In operation, as seen in FIG. 1, a batch of peas 120 is delivered to a processing plant containing the pea separating apparatus 10 via a truck 174. The batch of peas 120 is tested using AIS and/or a Tenderometer 176 to determine the starch concentrations within the peas 120. Data (i.e., feedforward control) 175 from the tests is used to position the separating vane 146 and the plate member 112 in accordance with starch concentration ranges to be desired to be collected in the first and second collecting chambers 132 and 134 (as represented by the arrow 177). The batch of peas 120 is delivered to a precleaner 178 for initial cleaning and then is delivered to a froth washer 180 via surge hoppers 182. From the froth washer 180 the peas 120 are graded by size via a size grader 184 and then are blanched using a blancher 186. The blancher 186 is an important part of the separating process since the blancher 186 removes air from the batch of peas 120. Air within the peas 120 could affect the descent rate of the peas 120 in the settling chamber 126.

Peas 120 from the blancher 186 are delivered to the hopper 118 which feeds the peas 120 onto the conveyor 116 where they are delivered to the plate member 112. The peas 120 travel along the plate member 112 where they obtain the velocity of the water 16 flowing through the flow trough 74. The peas 120 free fall off the end of the plate member 112 where they descend at differing rates depending upon density through the separating chamber 126. Peas 120a of high starch concentration (i.e., peas within a high density range) descend faster and are received in the first collecting chamber 132. Peas 120b having a low starch concentration (i.e., peas with a low density range) tend to descend at a slower rate and are thereby received in the second collecting chamber 134. The peas 120a and 120b are taken from the first and second collecting chambers 132 and 134 to the first and second dewatering belts 136 and 140, respectively. Water 16 from the first and second dewatering belts 136 and 140 and water 16 that passes over the weir 154 is returned back to the reservoir 14 where it is then recirculated back to the flow trough 74.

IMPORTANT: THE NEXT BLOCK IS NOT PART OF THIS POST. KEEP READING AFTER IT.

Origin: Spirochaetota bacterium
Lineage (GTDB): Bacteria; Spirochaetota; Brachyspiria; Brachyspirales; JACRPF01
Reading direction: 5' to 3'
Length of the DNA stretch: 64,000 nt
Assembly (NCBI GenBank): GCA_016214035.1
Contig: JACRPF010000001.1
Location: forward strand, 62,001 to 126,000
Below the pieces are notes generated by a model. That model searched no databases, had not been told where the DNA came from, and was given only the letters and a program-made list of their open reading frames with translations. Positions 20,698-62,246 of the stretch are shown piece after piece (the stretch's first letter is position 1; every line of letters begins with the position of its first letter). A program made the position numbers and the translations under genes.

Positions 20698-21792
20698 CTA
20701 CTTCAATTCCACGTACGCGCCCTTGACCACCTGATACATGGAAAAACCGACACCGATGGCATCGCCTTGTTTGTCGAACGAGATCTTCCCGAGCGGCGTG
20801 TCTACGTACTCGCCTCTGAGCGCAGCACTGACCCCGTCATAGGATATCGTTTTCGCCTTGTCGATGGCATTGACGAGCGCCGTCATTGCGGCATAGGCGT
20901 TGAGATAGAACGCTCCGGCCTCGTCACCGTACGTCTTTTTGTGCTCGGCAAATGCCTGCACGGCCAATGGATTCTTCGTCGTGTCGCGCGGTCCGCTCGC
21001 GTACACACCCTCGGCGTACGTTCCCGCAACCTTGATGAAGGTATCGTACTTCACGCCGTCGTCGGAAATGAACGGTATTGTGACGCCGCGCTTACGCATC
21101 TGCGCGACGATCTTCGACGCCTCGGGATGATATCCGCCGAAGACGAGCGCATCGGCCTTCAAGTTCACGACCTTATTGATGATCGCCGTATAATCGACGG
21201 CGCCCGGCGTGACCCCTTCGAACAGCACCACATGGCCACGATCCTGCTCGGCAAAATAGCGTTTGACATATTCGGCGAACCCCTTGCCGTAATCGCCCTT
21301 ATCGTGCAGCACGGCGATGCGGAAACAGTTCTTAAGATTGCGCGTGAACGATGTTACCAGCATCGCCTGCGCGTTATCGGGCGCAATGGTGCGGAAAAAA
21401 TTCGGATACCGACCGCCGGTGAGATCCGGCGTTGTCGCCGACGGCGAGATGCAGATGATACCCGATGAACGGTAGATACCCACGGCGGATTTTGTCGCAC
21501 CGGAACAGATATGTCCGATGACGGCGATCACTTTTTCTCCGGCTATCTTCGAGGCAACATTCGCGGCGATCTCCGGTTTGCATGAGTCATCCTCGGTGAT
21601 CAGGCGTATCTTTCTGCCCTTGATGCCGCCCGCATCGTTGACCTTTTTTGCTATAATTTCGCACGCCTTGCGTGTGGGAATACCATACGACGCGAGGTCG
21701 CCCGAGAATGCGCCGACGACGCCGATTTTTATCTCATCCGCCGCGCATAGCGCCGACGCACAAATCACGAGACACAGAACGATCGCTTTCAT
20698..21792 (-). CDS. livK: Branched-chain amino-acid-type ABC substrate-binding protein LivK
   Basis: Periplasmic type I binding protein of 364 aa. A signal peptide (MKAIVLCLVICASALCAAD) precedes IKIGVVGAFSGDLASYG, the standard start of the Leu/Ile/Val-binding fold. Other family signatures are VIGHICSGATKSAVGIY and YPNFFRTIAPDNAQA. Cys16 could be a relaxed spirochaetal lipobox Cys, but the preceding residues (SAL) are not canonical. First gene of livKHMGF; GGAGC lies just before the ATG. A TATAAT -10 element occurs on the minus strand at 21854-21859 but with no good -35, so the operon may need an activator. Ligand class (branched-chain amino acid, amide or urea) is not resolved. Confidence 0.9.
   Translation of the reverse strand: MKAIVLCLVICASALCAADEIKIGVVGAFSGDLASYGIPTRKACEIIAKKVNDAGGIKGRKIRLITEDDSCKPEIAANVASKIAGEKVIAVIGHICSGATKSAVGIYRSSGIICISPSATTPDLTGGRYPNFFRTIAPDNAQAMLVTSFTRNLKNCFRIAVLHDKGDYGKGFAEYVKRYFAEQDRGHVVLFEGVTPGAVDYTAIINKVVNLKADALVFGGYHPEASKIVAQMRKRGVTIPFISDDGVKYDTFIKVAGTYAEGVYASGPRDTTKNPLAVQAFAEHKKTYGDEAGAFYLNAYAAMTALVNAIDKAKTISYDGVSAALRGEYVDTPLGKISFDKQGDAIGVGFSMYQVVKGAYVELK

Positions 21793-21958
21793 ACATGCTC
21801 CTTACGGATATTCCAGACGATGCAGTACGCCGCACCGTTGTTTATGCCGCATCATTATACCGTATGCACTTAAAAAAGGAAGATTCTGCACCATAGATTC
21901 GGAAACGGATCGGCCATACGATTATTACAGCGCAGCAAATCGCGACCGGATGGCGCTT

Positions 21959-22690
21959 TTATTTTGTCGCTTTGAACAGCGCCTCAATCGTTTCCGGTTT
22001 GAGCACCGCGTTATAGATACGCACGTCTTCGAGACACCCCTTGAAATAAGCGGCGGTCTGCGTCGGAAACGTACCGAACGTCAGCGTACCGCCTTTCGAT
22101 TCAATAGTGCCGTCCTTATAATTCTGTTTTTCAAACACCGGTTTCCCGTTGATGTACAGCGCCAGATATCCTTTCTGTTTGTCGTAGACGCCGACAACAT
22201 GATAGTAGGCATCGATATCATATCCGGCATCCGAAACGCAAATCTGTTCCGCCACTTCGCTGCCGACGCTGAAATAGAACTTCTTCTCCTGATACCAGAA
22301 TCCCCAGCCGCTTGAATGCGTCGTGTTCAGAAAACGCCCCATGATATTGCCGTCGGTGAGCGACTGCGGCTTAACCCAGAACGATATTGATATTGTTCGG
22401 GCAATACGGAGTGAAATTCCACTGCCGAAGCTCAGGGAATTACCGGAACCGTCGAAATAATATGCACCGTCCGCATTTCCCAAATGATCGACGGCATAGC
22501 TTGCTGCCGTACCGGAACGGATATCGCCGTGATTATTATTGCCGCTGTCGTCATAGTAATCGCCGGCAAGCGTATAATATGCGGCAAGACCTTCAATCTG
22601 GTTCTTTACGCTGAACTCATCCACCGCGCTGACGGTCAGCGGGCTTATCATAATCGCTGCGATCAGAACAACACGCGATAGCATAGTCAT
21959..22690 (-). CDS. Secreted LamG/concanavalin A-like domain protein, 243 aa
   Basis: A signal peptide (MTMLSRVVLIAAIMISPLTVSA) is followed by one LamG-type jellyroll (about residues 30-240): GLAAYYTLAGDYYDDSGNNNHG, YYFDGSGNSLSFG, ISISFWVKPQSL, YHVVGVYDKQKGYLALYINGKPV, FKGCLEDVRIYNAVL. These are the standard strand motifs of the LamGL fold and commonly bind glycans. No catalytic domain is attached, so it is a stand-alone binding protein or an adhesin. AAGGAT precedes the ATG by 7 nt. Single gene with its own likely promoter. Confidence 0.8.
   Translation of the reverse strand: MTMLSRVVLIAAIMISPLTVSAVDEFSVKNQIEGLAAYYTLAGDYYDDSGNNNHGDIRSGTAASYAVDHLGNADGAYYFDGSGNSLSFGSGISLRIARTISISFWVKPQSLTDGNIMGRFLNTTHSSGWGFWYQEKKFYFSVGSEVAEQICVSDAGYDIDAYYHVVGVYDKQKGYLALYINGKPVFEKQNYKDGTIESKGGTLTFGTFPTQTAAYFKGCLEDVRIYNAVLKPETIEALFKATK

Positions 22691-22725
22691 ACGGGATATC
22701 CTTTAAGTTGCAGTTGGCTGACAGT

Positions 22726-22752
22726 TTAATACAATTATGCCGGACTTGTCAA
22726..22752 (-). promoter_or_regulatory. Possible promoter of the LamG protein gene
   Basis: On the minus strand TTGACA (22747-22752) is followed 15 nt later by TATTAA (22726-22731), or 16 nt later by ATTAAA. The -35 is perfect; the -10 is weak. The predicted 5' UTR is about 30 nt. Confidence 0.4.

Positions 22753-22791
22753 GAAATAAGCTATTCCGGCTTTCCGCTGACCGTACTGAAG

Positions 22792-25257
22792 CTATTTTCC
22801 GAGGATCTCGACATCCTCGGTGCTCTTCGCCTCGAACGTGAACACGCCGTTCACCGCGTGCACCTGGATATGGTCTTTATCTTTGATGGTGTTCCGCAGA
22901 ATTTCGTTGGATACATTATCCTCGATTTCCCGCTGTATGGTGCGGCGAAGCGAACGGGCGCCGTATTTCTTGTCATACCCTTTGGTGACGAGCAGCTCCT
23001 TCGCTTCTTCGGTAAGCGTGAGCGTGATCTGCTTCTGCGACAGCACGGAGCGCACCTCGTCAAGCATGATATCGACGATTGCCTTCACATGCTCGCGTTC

During the separation process on the batch of peas 120, a sample of peas 120b are periodically taken from the second dewatering belt 140 and retested. The sample of peas 120b is introduced into a near infrared reflectance (NIR) analyzer 183, such as the InfraAlyzer 450 available from Bran+Luebbe Analyzing Technologies Inc. The near infrared analyzer 183 directs light against the sample of peas 120b and determines the absorbance values of the sample of peas 120b at various wavelengths. These absorbance values are fed into a microprocessor 185, which plugs the absorbance values into a linear equation formulated by the statistical analysis of AIS values from prior batches of peas from previous harvests. The linear equation produces a new AIS value. The plate member 112 and the separating vane 146 are then adjusted (as represented by the arrow 187) in accordance with this new AIS value (i.e., feedback 188) to accommodate starch concentration fluctuations within the batch of peas 120 currently being separated. The absorbance values from the retesting of the sample of peas 120b are used by the microprocessor 183 to adjust the linear equation. In addition, traditional wet chemistry AIS tests are run on the sample of peas 120b to check the AIS value obtained from the near infrared analyzer 183 and microprocessor 185.

This pea separating apparatus 10 is relatively uncomplicated. By separating mature peas 120a (i.e., high starch concentration peas) from young peas 120b (i.e., low starch concentration peas) using a recirculating linear, laminar flow of water 16, the need for a brine solution has been eliminated. Together with the elimination of the brine solution itself, the problems of corrosion of equipment and the disposal of the brine solution without harm to the environment have been addressed. In addition, the use of a linear, laminar flow of water 16 to separate the peas 120 does away with the salty taste that could accompany peas separated in a brine solution. The adjustable plate member 112 and separating Vane 146 readily permit the separation process of the pea separating apparatus 10 to be quickly adjusted to accommodate batches of peas 120 having differing starch concentrations. Moreover, by retesting the separated peas 120a and 120b during the separating process the plate member 112 and separating vane 146 can be quickly readjusted to accommodate starch concentration fluctuations within the batch of peas 120 currently being separated.

Although the present invention has been described with reference to preferred embodiments, workers skilled in the art will recognize that changes may be made in form and detail without departing from the spirit and scope of the invention.

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US5360118 *Jul 9, 1993Nov 1, 1994The Pillsbury CompanyPea separating process using diatomaceous earth
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Classifications
U.S. Classification426/231, 99/536, 209/156, 426/507, 426/481, 99/570
International ClassificationB03B5/62
Cooperative ClassificationB03B5/62
European ClassificationB03B5/62